Torme's death came at UCLA Medical Center, attributed to complications of a stroke he suffered in 1996. He was 73. He was rushed to the hospital from his Beverly Hills home about 1 a.m. after experiencing difficulty breathing. His family was by his side when he died a short time later.
In a career that lasted more than 65 years, Torme was a singular talent as a singer, songwriter, arranger, instrumentalist, actor and writer. He was as comfortable interpreting a lyric as writing one.
He used his fluid, silky voice to record more than 50 albums, created his own arrangements and worked from a repertoire he once estimated at 5,000 songs. He could ease into a ballad or soar into scatting, one of the few singers to master that art.
Of the 250 songs he wrote--more than half of them with Bob Wells--"The Christmas Song" is perhaps the most memorable. The familiar lyrics that begin, "Chestnuts roasting on an open fire . . . " have been recorded more than 1,500 times. The the original by Nat King Cole remained Torme's personal favorite.
Torme won back-to-back
"It is impossible to imagine a more compatible musical partner," Shearing said Saturday. "The entire musical world will experience a real void with the loss of Mel."
Even into his late 60s, Torme continued to give 200 concerts a year and to delight Generation-Xers, their jazz-loving parents and their swing-appreciating grandparents.
Shortly before his stroke, Torme taped an hourlong television special for the Arts & Entertainment network and recorded several songs for an Ella Fitzgerald tribute album that has not been released yet.
"I learned a lot of tunes from listening to him," singer Diana Krall said after learning of Torme's death. "Things like 'Mountain Greenery' and 'Auf Wiedersehen' that I might not otherwise know. He had perfect diction, of course, he was always swinging, and his scat singing was fantastic."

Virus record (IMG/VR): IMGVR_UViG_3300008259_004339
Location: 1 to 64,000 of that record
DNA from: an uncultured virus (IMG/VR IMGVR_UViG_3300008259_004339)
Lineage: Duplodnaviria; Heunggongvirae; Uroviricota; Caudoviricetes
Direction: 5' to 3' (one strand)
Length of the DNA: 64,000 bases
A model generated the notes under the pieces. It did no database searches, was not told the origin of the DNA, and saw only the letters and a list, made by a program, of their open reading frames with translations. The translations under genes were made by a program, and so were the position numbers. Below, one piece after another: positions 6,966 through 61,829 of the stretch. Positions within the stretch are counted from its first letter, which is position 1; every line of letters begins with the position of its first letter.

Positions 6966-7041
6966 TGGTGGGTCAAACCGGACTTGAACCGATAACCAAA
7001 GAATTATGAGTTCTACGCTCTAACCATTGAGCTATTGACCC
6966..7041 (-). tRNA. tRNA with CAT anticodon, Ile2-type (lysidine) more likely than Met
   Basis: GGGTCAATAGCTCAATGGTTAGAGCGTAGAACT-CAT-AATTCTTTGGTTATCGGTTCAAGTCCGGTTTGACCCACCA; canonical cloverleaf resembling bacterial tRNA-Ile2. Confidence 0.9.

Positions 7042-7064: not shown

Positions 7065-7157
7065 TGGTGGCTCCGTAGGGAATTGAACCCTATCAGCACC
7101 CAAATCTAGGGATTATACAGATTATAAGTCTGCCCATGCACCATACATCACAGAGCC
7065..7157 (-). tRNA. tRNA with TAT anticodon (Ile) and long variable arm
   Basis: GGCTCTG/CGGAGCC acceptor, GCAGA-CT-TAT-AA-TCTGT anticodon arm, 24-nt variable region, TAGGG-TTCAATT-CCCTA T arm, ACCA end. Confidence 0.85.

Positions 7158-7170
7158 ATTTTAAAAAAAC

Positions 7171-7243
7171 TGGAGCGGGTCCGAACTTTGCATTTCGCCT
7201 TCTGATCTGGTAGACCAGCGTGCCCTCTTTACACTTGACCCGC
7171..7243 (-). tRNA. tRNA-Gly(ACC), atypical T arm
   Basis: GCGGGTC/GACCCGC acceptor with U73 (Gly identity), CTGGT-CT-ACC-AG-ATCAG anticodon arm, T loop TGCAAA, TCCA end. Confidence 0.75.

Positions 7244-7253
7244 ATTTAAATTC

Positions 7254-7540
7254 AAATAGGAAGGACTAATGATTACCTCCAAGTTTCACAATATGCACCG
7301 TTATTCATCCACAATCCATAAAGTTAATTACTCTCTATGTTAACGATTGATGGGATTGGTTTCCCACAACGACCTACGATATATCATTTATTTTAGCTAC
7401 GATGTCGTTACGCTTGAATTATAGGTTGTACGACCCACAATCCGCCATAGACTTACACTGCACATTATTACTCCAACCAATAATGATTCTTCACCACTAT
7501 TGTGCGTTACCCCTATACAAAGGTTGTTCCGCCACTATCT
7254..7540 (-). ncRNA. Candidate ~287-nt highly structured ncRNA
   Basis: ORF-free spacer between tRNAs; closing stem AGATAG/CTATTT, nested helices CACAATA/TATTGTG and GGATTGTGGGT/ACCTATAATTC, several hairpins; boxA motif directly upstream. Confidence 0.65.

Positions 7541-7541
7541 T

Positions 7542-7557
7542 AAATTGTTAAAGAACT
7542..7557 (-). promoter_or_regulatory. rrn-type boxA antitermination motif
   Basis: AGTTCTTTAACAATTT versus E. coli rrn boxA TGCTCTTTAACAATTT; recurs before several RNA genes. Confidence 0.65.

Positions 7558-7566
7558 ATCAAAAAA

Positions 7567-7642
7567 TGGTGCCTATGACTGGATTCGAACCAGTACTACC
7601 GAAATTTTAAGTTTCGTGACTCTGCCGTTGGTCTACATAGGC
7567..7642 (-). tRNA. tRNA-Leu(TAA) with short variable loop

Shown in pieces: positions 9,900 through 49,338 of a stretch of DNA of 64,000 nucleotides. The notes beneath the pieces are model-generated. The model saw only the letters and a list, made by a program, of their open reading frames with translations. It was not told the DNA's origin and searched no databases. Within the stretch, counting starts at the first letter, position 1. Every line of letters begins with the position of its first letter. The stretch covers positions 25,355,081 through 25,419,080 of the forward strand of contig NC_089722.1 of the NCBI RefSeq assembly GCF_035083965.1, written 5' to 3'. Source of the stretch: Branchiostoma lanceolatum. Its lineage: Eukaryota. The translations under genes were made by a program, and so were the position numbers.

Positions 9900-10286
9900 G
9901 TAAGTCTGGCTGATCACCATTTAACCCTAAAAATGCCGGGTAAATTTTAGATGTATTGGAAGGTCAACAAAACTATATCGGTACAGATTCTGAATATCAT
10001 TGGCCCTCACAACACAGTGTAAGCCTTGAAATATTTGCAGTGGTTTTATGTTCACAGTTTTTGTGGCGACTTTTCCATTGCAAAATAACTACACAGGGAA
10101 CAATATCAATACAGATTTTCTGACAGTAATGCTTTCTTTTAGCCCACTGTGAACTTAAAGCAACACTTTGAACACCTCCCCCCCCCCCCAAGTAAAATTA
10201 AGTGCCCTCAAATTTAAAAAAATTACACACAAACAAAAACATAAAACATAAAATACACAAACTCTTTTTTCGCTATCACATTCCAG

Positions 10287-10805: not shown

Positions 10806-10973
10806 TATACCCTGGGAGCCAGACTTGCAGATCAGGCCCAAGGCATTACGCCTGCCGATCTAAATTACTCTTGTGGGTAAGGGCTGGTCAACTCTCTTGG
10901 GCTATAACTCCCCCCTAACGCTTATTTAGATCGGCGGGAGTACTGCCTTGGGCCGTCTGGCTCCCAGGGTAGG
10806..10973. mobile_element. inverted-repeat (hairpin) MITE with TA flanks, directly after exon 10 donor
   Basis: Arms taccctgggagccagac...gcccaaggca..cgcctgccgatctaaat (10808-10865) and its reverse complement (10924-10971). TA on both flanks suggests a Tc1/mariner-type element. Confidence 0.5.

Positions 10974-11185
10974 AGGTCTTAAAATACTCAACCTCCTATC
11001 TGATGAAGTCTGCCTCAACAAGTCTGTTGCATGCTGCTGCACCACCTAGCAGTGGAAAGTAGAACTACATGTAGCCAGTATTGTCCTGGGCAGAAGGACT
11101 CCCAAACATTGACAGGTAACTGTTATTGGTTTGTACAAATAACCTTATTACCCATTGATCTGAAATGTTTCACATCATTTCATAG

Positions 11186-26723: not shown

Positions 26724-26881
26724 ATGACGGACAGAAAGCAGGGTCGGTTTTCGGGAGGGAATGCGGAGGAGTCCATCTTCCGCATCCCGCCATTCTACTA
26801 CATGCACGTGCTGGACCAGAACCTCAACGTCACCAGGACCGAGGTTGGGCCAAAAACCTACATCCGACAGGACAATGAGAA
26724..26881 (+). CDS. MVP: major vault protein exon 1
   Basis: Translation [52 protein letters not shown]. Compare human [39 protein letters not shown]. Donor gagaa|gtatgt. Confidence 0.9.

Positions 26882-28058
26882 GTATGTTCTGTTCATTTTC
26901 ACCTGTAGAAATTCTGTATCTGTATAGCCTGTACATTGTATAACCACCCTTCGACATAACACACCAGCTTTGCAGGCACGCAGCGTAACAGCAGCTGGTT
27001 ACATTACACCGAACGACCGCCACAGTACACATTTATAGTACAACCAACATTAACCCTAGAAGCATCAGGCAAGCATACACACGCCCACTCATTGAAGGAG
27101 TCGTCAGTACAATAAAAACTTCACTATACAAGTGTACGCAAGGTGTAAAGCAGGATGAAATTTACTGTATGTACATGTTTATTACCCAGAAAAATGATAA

Torme's singing always possessed a rare but vital kernel of sheer musicality. Even in the years when he was promoted as the "Velvet Fog" (a description he did not favor), his interpretations were invested with an understanding of harmony, a strong sense of swing and an awareness of the importance of telling a story with a song.
Although Torme produced some solid jazz singing in the '50s, both live and on recordings, like many artists of his generation, he was drawn into pop music in the '60s, often obscured by string-heavy backdrops, and not always in a fashion that best displayed his talents. But for the last two decades, he was firmly within the orbit of jazz, releasing album after album of impressive work in remarkably diverse settings.
Torme's effectiveness as a performer was undoubtedly related to his omnivorous intellectual and artistic interests. His much-envied sense of swing, for example, flowed from his capable work as a drummer. His ability to render a lyric with conviction reflected his own songwriting, which he once said required great effort on his part.. And his capacity to fit into different musical settings was undoubtedly enhanced by his own arranging and orchestrating.
Perhaps most important of all, he was a perceptive listener, always aware of what was happening in the jazz world. He was a successful scat singer because he had listened closely to Fitzgerald, scatting--as she did--like an improvising instrumentalist, moving effectively and imaginatively through the chords of a song. He was a good ballad singer because he was thoroughly familiar with the subtle improvisations of Lester Young, Ben Webster and Johnny Hodges.
As a writer, Torme penned several television scripts and articles on everything from antique guns, which he collected, to Western history, and wrote five top-selling books--"The Other End of the Rainbow," about arranging music for Judy Garland's troubled 1960s TV show; a novel, "Wynner"; a tribute to singers he admired; a laudatory tome about his friend, drummer Buddy Rich; and an autobiography.